Out Now On-Demand

Robert Zemeckis uses the performance capture animation he developed on Polar Express to animate the epic, English poem Beowulf. The legendary warrior Beowulf arrives in a Danish town to rid it of the horrible beasty Grendel. Co-writer, best selling novelist Neil Gaiman, describes the film as a "cheerfully violent and a strange take on the Beowulf legend".

It's got a hell of a cast - Ray Winstone is big B, Jolie is Grendel's Mother, Hopkins is King Hrothgar, Penn is his Queen, and Cristin Glover is Grendel.


Beowulf – a film by Robert Zemeckis, director of the mighty Back to the Future trilogy, Oscar winner Forrest Gump, and The Polar Express – is an adult targeted, fully CG animated film based on the legend/poem/book you probably read in fifth form English. Technically it’s quite an accomplishment, and all in all it’s an above average film – albeit a peculiar one – made a bit flat by the soullessness of CG animation.

The story of Beowulf (Ray Winstone) – who arrives in a Danish town to rid it of beasts, only to essentially become one himself because of his own vanity – rips along at a decent pace. There's a refreshing character slant to the story, and it's great to see the characters being flawed and avoiding cliché, including the baddies – Grendel (portrayed by Marty McFly's dad, Crispin Glover) is tortured rather evil, and Grendel's Mother (Angelina Jolie) is a loving one despite her wily ways.

The animation process is such: the actors are required to perform the roles, this performance is 'captured' by a computer, and then replicated as realistic animated versions. They are supposed to look and behave exactly like the original actors aside from adding muscles here, a few inches and a tail there. I'm a bit perplexed by this idea. Why do it? An animated person, especially one restricted by trying to look real, can't convey the range of emotions an actual, real live human can. The net result is a bunch of plastic performances.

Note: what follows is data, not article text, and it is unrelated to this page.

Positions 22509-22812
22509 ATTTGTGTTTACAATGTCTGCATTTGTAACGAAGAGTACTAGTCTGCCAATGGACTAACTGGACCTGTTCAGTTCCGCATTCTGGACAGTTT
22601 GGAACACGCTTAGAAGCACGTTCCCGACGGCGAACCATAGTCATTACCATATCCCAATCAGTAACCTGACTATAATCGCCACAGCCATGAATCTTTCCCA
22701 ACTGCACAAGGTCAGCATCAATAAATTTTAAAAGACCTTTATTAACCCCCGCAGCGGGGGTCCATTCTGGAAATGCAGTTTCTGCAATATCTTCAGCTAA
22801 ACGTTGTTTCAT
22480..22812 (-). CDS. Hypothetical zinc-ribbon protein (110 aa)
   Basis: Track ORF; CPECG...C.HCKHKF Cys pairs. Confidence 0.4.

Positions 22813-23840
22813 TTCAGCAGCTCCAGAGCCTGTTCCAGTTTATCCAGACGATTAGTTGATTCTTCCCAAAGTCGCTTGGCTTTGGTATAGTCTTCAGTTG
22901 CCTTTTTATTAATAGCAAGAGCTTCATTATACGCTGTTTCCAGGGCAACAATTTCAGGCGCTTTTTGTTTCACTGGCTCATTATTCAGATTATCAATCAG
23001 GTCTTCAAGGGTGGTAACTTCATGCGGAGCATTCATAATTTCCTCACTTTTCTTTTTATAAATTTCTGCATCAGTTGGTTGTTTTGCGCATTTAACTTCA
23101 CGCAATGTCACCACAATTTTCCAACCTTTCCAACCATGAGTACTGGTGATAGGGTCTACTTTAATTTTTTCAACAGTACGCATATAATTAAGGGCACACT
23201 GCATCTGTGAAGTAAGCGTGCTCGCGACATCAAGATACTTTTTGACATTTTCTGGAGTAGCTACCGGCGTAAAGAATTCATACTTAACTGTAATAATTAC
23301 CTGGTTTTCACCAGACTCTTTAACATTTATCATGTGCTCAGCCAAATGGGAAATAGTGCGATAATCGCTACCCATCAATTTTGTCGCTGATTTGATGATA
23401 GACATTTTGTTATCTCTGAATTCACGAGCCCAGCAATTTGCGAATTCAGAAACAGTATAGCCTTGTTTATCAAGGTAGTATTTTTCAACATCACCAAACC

Though as a technical exercise, there are impressive aspects. A close up of a face will fool most; such is the realism of the photo realism. The grotesque beasty Grendel and a stunning, gold dragon are the other most spectacular elements. But I note animators are still struggling with horses. The horses in Beowulf look like enthusiastic, inbred donkeys. Also people's hands are a bit rubbery, a bit Postman Pat-ish. This would be fine if you were watching Postman Pat, but Beowulf is trying to look like real life so it stands out.

Oddly, the filmmakers try to sex it up. There's some naked homoerotic wrestling, and some naked Angelina Jolie. Beowulf's computerised johnson is never seen of course, always obscured by a foreground object. And Angelina Jolie doesn't have nipples, or a vagina. But she does have an ass. Is that enjoyable to people? Seeing a naked cartoon character? I think it's really bizarre. Jolie says in interviews that the film is "sexy". Far be it for me to debate Jolie on matters sexy, but I'd say it's sexy for no-one but 14 year old boys.

Maybe I'm old fashioned, but I don't think you can beat real people where real people will do. Also, a CG dragon is far more impressive flapping about and breathing fire on actual people and an actual landscape. And so, I adjudge that Beowulf is the domain of nerds and CG animation enthusiasts (a.k.a., nerds).